Rachel Gottlieb

Israel at War: The Fight of Our Lives

The beautiful that makes life worth living (Photocredits: Author)





You all know what I’m talking about. I’m talking about what was a beautiful morning on October 7, 2023, that turned into the worst nightmare the Jewish people have faced in recent years. I’m talking about the innocent, peaceful lives that were snuffed out in the name of freedom. I’m talking about the incomprehensible reaction to that slaughter across the world that has been openly and actively advocating for murder in the name of peace. I’m talking about the jobs and trips and families and relationships and plans that were put on hold as people were called on to stand for a higher purpose.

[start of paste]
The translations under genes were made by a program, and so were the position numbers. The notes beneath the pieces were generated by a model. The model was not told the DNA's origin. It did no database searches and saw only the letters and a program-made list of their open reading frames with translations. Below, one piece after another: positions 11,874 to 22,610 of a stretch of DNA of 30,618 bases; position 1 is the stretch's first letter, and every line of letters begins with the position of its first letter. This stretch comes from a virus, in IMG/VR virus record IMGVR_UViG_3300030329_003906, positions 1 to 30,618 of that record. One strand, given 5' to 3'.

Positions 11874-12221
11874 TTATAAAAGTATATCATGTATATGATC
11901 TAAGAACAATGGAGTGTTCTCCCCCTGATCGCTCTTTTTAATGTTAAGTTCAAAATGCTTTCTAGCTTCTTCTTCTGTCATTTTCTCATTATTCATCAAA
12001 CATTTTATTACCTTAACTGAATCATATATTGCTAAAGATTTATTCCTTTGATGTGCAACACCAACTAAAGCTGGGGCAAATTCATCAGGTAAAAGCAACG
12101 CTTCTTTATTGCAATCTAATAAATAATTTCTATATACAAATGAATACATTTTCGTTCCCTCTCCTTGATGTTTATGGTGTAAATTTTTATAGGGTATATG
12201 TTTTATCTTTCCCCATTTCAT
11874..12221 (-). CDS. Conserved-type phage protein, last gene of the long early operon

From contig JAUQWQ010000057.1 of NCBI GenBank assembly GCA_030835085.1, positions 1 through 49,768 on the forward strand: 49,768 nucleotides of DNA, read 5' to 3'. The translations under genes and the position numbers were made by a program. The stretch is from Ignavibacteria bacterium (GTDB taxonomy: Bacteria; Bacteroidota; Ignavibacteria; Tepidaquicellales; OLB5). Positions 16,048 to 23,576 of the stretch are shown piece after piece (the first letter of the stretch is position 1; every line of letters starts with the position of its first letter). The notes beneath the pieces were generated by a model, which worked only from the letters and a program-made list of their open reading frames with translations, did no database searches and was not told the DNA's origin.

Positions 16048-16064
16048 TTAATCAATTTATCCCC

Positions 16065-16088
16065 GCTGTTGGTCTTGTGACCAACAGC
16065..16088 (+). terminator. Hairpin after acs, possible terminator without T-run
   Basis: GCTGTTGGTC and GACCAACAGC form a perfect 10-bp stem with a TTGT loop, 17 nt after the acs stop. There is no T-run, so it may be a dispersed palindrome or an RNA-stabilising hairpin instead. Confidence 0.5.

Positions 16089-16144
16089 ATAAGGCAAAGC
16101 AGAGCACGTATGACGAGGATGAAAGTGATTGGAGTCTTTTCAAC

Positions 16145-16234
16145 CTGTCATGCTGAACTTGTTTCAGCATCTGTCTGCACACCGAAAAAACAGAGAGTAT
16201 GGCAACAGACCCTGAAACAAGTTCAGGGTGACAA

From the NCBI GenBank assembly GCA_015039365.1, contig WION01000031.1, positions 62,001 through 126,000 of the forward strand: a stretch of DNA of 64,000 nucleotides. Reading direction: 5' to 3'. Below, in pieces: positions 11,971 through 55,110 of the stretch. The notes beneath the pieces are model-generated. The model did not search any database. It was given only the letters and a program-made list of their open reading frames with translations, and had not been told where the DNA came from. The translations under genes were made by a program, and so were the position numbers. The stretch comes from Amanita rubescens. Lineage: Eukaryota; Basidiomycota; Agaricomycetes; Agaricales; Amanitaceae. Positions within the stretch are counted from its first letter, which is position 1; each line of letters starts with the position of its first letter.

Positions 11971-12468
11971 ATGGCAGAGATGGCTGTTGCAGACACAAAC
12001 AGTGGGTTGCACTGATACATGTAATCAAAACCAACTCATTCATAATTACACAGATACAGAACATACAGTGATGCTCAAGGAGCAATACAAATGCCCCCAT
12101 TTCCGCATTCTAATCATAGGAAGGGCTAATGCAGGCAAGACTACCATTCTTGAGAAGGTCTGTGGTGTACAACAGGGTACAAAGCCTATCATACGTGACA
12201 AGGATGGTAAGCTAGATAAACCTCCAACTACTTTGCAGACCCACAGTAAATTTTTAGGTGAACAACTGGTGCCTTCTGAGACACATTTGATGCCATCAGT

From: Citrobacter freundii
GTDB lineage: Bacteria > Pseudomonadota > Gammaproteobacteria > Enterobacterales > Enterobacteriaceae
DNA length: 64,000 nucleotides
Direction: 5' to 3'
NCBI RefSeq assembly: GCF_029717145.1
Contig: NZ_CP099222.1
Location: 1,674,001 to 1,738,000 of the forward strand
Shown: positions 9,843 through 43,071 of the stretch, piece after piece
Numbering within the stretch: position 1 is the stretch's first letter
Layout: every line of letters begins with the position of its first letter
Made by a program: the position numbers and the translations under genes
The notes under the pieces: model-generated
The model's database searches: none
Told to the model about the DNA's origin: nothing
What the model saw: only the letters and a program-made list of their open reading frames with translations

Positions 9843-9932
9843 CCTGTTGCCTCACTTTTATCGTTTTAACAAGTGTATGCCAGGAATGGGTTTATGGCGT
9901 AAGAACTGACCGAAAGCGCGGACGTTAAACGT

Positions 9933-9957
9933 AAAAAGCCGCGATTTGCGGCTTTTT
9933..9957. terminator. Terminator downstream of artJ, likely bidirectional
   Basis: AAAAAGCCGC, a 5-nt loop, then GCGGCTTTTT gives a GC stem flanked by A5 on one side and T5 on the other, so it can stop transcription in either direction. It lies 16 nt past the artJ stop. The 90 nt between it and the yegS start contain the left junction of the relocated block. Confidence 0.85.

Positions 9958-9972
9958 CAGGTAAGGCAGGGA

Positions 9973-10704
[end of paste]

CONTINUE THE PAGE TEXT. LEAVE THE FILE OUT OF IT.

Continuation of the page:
That higher purpose has been couched in a word that I’ve seen used a lot in relation to this war. That word is existential. For those of us who may need to brush up, that word, an adjective, means, “Relating to existence.” On its face, then, describing this war as an existential war means that this is a fight that we’re fighting for the sake of our existence as a people.

And it does feel that way. Across the world, antisemites (and let’s be abundantly clear: anti-Zionism is antisemitism) have been chanting. And chanting. And chanting. My favorite take on that, which I saw a few days ago, said instead, “From the river to the sea, Israel is here, and always will be.” It’s an appropriate response, because our enemy is trying to wipe out our very existence. Which, well, is what makes this an existential fight. Funny how that works.